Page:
Is the organization struggling with incident management? Is service level compliance dismal? Do changes to the IT environment often cause outages? I could go on… Many organizations experience problems with service delivery. When looking for an answer, they jump head first into an IT service management (ITSM) tool initiative as their existing tool appears to be contributing to the issues and technology is familiar.
Replacing the tool won’t solve the problem. Most likely, the cause of the service issues is rooted in one of two areas.
1.) Processes are not well defined or understood. If the process isn’t clear, it will not be repeatable and therefore, service delivery will be inconsistent and sometimes, downright painful.
2.) There is a lack of buy in regarding how service is delivered. If the people in the organization disagree with key aspects of the service delivery processes or agreements; if they are struggling to understand why some agreements exist or processes were designed a certain way; or if they do not feel as though they can succeed, service delivery will never meet the expectations of IT leadership or the business.
Unfortunately, replacing the tool won’t solve these problems. It will only make it worse. Without clear, defined processes, how will you develop requirements to complete tool selection? If the team didn’t feel successful before, a new tool will only increase their confusion.
Rather than starting a new tool initiative, consider a process improvement initiative which includes a defined plan to address organizational change. Start with the processes that relate to the business’s key pain points when dealing with IT. Redefine the processes including process objectives, policies, process integration, roles and responsibilities, critical success factors and key performance indicators, operational metrics, and other details.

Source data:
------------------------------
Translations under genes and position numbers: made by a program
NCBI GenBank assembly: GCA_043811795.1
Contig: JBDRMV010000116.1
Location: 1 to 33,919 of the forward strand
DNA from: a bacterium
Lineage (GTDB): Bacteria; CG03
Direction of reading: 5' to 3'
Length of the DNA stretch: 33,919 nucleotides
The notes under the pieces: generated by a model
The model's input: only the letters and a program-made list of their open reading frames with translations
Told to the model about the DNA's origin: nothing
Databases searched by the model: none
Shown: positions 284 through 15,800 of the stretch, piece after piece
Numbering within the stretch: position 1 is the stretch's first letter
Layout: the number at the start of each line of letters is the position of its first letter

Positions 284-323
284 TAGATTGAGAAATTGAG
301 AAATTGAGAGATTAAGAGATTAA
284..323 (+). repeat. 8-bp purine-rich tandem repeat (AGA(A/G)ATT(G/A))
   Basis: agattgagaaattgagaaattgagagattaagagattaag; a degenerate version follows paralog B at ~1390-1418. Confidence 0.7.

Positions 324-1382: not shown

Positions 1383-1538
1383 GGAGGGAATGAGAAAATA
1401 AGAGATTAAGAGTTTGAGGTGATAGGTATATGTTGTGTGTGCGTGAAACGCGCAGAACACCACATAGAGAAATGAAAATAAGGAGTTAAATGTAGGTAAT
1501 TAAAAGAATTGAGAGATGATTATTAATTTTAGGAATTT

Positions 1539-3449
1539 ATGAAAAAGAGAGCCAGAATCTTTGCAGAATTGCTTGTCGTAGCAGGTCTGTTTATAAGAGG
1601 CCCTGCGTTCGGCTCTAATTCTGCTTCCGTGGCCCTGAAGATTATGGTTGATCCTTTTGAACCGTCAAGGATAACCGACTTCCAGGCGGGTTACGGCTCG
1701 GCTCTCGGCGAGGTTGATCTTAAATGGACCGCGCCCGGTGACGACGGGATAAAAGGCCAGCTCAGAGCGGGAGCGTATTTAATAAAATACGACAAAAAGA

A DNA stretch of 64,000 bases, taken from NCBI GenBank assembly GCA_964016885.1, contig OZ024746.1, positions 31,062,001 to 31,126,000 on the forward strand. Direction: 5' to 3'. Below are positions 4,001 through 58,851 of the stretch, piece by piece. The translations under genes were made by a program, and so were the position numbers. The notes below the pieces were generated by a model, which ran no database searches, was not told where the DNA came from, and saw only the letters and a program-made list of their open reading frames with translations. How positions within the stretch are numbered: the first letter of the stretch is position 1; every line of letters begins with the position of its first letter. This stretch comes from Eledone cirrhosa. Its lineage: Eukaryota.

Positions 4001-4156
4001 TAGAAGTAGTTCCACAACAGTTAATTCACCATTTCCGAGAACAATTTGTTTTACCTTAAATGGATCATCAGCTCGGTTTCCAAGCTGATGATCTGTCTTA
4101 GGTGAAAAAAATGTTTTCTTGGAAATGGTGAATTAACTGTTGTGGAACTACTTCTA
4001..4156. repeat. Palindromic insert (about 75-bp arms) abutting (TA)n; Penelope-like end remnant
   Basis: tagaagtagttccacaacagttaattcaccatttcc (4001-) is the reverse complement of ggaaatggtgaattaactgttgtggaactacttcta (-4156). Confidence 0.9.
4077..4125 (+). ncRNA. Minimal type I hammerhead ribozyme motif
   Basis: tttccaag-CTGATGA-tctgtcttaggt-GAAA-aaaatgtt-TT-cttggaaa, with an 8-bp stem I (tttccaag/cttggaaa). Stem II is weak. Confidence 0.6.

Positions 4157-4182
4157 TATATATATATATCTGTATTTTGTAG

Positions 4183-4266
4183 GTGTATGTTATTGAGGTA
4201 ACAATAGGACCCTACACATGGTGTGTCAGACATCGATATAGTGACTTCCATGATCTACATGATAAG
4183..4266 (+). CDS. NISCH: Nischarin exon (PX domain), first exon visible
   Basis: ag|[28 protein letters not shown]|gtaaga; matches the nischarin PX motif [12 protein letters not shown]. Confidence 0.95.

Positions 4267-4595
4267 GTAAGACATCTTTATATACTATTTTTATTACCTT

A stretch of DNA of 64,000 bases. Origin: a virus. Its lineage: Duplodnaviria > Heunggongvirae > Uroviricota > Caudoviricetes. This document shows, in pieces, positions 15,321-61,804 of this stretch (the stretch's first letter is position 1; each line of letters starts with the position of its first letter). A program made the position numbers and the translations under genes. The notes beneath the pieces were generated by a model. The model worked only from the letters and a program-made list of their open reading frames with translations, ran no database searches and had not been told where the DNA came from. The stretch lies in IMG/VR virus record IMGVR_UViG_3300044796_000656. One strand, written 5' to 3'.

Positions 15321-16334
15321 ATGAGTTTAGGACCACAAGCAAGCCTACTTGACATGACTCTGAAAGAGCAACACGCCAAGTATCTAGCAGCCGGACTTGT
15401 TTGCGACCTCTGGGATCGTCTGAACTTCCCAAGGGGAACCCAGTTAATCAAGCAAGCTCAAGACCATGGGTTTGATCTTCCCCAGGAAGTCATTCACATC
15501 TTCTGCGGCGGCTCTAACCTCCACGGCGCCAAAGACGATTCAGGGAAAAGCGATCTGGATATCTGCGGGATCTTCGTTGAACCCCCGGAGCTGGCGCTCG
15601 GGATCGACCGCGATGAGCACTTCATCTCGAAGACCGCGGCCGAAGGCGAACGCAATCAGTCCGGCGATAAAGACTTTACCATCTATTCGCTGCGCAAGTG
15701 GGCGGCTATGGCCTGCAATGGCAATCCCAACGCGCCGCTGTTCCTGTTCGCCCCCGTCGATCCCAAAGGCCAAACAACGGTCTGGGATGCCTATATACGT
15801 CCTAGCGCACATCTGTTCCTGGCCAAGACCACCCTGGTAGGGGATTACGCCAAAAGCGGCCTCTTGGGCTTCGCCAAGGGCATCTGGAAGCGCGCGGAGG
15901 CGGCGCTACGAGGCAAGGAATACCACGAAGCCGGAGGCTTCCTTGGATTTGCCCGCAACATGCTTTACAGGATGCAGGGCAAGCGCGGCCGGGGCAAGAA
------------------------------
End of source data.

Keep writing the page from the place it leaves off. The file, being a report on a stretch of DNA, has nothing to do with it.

Plan for the desired outcome by defining a vision for success and then developing strategies and tasks to accomplish the vision. Examples of strategies and tasks which facilitate change include: engaging staff in the process improvement initiative; routinely distributing transparent communications about the project and potential changes; developing clear, concise performance objectives for staff members that relate to the success of the process; providing training and documentation; tracking and publicizing compliance metrics; establishing a process for continual service improvement which includes feedback from those engaged in process execution; and fostering a sense of ownership and accountability by setting expectations and quickly addressing issues.
Once the process improvement project gains momentum, it may be time to reevaluate the ITSM tools but before investing in a new tool, ensure the processes and the organization are strong enough to support success.